Considering it wasn’t just The Rolling Stones playing, but several other well-known bands like The Grateful Dead, Santana, and Jefferson Airplane, planners predicted around 100,000 people to show up for the free show. By 7:30 a.m. Saturday morning, however, the hills were solidly packed with people, and it was clear there had been a miscalculation. As far as the eye could see in any direction, an army of hyped up hippies could be seen advancing over the hills, through the valley, and along the road and railroad tracks, all converging on Altamont. Because the signage outside the venue was nonexistent, people became confused and just left their vehicles, sometimes hiking up to five miles through brush and stickers to find the concert. In the end, the show attracted over 300,000 people looking for one hell of a good time.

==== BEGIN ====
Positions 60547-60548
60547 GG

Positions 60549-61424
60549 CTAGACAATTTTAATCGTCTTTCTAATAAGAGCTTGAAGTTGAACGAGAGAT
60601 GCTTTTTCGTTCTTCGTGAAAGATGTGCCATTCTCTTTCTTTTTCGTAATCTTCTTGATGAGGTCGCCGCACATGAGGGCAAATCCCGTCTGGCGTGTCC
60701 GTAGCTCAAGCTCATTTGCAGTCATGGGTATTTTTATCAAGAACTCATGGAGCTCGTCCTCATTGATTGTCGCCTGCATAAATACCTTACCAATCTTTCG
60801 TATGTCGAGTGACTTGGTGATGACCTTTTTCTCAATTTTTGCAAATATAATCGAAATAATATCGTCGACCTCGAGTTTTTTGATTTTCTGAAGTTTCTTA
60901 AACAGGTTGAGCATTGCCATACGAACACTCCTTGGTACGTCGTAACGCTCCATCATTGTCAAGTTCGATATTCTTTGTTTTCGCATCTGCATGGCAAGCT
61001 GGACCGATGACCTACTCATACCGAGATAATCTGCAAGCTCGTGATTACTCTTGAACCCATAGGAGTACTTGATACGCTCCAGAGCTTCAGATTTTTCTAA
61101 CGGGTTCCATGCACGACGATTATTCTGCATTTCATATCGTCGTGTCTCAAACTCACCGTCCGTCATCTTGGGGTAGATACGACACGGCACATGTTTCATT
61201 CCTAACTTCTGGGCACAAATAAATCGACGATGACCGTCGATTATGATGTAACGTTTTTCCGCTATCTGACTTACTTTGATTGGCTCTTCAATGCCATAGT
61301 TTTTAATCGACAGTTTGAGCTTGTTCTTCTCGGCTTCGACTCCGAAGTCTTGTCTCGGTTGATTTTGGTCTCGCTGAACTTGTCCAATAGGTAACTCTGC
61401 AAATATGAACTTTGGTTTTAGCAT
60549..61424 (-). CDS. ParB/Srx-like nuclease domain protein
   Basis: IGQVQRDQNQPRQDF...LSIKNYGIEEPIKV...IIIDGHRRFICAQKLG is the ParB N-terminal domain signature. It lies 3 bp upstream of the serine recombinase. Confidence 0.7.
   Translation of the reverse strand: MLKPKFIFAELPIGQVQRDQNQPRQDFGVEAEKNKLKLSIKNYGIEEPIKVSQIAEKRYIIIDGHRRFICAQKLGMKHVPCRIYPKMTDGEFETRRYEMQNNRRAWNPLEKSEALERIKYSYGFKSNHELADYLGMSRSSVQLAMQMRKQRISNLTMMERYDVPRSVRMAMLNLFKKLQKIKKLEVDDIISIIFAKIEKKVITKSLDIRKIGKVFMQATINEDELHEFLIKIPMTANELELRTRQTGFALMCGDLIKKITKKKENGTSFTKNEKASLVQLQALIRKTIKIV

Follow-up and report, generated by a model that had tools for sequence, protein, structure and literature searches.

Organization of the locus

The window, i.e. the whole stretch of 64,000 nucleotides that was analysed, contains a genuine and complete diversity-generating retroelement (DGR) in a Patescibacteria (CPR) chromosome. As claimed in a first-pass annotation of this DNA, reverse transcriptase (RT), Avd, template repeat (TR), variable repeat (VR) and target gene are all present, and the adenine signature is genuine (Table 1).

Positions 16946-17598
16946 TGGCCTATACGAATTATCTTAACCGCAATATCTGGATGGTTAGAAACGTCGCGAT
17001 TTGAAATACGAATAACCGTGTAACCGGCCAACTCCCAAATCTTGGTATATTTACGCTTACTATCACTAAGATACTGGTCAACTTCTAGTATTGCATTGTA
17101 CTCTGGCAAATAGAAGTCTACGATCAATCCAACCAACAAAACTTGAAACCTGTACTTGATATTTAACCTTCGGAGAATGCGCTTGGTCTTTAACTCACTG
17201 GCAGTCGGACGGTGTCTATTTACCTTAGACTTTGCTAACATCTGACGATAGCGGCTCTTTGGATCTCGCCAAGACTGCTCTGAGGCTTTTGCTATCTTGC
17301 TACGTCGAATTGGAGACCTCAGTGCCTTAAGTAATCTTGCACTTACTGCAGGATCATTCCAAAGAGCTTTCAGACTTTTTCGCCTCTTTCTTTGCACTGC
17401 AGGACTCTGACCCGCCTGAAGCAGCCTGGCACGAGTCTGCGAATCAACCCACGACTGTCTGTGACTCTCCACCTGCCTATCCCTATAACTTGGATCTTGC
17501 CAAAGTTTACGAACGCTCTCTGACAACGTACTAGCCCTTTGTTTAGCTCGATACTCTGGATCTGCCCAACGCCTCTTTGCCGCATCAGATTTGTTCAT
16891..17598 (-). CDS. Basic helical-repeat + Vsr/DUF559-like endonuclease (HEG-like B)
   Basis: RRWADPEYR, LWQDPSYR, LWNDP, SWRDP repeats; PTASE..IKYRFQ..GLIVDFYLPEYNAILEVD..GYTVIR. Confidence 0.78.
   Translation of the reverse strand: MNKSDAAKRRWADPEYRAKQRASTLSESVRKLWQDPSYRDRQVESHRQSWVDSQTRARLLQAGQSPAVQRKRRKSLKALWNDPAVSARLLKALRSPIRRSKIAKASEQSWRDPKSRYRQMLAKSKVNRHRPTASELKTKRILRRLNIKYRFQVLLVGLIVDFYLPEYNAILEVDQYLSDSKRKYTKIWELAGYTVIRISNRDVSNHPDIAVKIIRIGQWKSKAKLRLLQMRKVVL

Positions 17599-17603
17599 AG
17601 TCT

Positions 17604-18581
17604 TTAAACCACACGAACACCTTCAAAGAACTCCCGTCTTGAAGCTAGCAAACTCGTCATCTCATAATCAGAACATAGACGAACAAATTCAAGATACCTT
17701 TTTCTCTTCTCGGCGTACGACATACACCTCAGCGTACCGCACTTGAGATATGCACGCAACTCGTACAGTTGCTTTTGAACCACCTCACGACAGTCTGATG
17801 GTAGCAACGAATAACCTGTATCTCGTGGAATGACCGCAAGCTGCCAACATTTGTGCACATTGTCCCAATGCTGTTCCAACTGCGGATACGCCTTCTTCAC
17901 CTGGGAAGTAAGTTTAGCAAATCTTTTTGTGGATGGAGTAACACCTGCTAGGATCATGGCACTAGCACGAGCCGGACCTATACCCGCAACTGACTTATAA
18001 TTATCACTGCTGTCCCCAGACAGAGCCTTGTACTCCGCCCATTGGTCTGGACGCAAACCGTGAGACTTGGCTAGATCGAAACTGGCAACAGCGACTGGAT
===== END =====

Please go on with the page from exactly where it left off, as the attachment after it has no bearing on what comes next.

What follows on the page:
Enter the Hell’s Angels, Altamont’s “security” detail. The roar of a hundred motorcycles could be heard for several minutes before the Angels appeared on the crest of the hill and proceeded to head down into the crowd. They did not stop to chat but just drove straight through the thick mass of people, headed for the stage. Most people moved out of the way or even shouted a welcome, but the Angels were not there to be social. Bikes parked and territory secured, a couple of Angels could be seen drinking from a gallon of Red Mountain Vin Rose wine, bragging about the two tabs of mescaline they put in earlier. The Angels had been busy that morning in Berkeley, allegedly buying up thousands of tabs of sunshine acid, a variety known for being particularly speedy. Once their motors were running, drugs could be seen scattered across the stage as the Angels chugged wine and downed reds and speed. The more they partied, the more violent they became, and fighting began to break out at regular intervals.